Democrats in Congress are proposing an overhaul of police procedures and accountability after the mass protests over the deaths of black Americans at the hand of law enforcement.
The Justice in Policing Act is among the most ambitious law enforcement reforms from Congress in years and confronts several aspects of policing that have come under strong criticism, especially as more and more police violence is captured on cellphone video and shared across the nation and the world.
The package limits legal protections for police, creates a national database of excessive-force encounters and bans police choke holds, among other changes. The changes, if enacted, would have massive implications on policing in the U.S. It’s not clear whether the legislation will pass, especially in an election year and amid calls to “defund the police” and growing protests. President Donald Trump has tried to set himself up as a “law and order” leader and has criticized the package, claiming Democrats have “gone CRAZY.”
Today on AirTalk, we weigh the pros and cons of the legislation with a group of experts. Do you have questions or thoughts? Join the conversation by calling 866-893-5722.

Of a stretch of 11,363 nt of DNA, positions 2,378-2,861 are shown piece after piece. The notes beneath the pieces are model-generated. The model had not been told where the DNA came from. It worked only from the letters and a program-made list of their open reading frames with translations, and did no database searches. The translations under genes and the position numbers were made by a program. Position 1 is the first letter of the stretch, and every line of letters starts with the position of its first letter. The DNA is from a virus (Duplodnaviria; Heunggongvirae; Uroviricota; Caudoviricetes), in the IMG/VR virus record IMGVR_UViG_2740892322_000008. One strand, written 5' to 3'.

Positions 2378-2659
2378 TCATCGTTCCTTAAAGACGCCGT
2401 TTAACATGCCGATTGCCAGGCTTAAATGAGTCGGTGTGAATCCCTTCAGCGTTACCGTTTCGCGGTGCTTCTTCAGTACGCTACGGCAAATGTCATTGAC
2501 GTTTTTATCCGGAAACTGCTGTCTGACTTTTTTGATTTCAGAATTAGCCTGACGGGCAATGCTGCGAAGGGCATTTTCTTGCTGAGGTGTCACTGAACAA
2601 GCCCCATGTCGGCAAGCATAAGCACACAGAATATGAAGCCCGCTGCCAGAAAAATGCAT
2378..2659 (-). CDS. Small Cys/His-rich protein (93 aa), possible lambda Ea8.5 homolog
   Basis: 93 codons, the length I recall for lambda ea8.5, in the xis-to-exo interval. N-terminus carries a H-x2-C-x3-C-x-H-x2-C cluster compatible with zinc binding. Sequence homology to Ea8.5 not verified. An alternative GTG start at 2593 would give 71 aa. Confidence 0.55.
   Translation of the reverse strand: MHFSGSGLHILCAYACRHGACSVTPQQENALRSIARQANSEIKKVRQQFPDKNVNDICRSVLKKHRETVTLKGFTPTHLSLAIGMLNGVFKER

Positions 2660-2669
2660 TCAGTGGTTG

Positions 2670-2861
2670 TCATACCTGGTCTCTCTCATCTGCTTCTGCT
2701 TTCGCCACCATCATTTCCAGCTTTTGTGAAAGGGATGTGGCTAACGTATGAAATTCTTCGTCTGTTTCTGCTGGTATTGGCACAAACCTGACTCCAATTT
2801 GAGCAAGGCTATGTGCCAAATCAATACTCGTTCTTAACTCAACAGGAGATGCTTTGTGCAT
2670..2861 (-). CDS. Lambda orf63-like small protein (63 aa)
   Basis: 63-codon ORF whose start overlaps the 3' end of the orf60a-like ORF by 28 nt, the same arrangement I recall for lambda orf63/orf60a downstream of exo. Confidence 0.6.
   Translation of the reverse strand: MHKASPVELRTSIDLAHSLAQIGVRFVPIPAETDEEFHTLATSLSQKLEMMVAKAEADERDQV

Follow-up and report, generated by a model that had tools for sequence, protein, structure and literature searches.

With files from the Associated Press
Melanie L. Campbell, president and CEO of the National Coalition on Black Civic Participation (NCBCP), a civil rights and social justice organization “dedicated to increasing civic engagement, economic and voter empowerment in Black America; NCBCP is one of the major civil rights organizations supporting the Justice in Policing Act of 2020
Eugene O’Donnell, professor of law and police science at John Jay College of Criminal Justice; former NYPD officer and former prosecutor in Kings County, New York
Tommy Tunson, PhD, retired chief of police in California with 30 years experience in law enforcement